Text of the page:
Epictetus uses Chapter 10 to emphasize every person’s inherent divinity. He writes that man is distinguished from other animals, and therefore no one is subservient to anyone; in fact, he writes that every person is “one of the principle parts” of the world (Discourses, Book II). Simultaneously, he encourages the audience to embrace their finite understanding of the world and operate in situations that they can perform best in. In order to fulfill one’s role as a rational being, he notes the importance of acknowledging one’s self as a child or a sibling. Being conscious of one’s talents and appreciating one’s relationships is key to not losing one’s self.

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Epictetus to anyone who would listen, 100 B.C.E.

In Chapter 11 of Book II, Epictetus discusses the inherent weaknesses of man and their relationship to the study of philosophy. Although humans come into the world with innate ideas such as the dichotomies of good and bad and beauty and ugliness, we are not born with knowledge of mathematics and science. Because most of the knowledge needed to have meaningful, educated discourse must be learned, disputes often result in emotional arguments or aporia. This dispute, Epictetus writes, is the axiom of philosophy: he defines it simply as “a perception of the disagreement, an inquiry into the cause of the disagreement,” and a general distrust of what ‘seems’ to be (Discourses, Book II).

Continuing his examination of disputations in Chapter 12, Epictetus notes how despite philosophers having shown how to “apply the art of disputation,” humans often fail to put it into practice (Discourses, Book II). He demonstrates his argument through the example of arguing with an illiterate man. Ridiculing and abusing him does not benefit either party; however, displaying to them the truth is the best way to communicate knowledge. Epictetus then discusses Socrates’ reductio ad absurdum method, which does not pose a specific argument, but rather examines other interpretations and plainly state contradictions within them to display their inaccuracy. Specifically, Epictetus admires Socrates’ ability to remain calm and never become frustrated with other peoples’ arguments.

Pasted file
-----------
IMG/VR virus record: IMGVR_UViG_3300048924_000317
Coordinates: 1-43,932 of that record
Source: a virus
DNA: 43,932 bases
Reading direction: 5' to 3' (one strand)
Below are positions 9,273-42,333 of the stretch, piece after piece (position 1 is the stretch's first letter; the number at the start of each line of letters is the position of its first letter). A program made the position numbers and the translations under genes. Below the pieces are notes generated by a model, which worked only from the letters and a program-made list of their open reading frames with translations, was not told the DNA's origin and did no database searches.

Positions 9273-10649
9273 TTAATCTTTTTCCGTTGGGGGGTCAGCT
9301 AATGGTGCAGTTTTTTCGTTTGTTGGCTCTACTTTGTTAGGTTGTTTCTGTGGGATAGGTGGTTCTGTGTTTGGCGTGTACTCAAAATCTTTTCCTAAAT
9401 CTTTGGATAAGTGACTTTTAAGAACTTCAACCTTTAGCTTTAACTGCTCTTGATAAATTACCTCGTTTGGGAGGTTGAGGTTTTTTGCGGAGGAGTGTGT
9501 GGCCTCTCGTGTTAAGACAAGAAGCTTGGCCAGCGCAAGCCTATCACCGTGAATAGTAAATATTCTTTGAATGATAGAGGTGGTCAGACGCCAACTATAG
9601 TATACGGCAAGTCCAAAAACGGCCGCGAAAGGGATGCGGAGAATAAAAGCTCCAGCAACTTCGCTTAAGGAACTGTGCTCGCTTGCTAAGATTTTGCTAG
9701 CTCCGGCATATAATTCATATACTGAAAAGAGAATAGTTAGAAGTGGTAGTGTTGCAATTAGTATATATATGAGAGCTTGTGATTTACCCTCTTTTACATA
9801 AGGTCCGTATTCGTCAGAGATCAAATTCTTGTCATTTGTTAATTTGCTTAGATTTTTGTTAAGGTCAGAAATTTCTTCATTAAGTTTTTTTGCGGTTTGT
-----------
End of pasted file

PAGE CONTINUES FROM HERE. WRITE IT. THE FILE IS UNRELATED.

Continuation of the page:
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Socrates using the reductio ad absurdum argument, 400 B.C..

Epictetus then discusses the cause of anxiety and its obsolescence in one’s pursuit of acting as a rational being in Chapter 13. He mentions how a musician plays fine when they are alone but gets nervous when they are in front of a crowd. The musician is anxious, Epictetus writes, because he is concerned with things outside of his control. Epictetus uses the example of the musician to show how worrying about things one cannot change is pointless.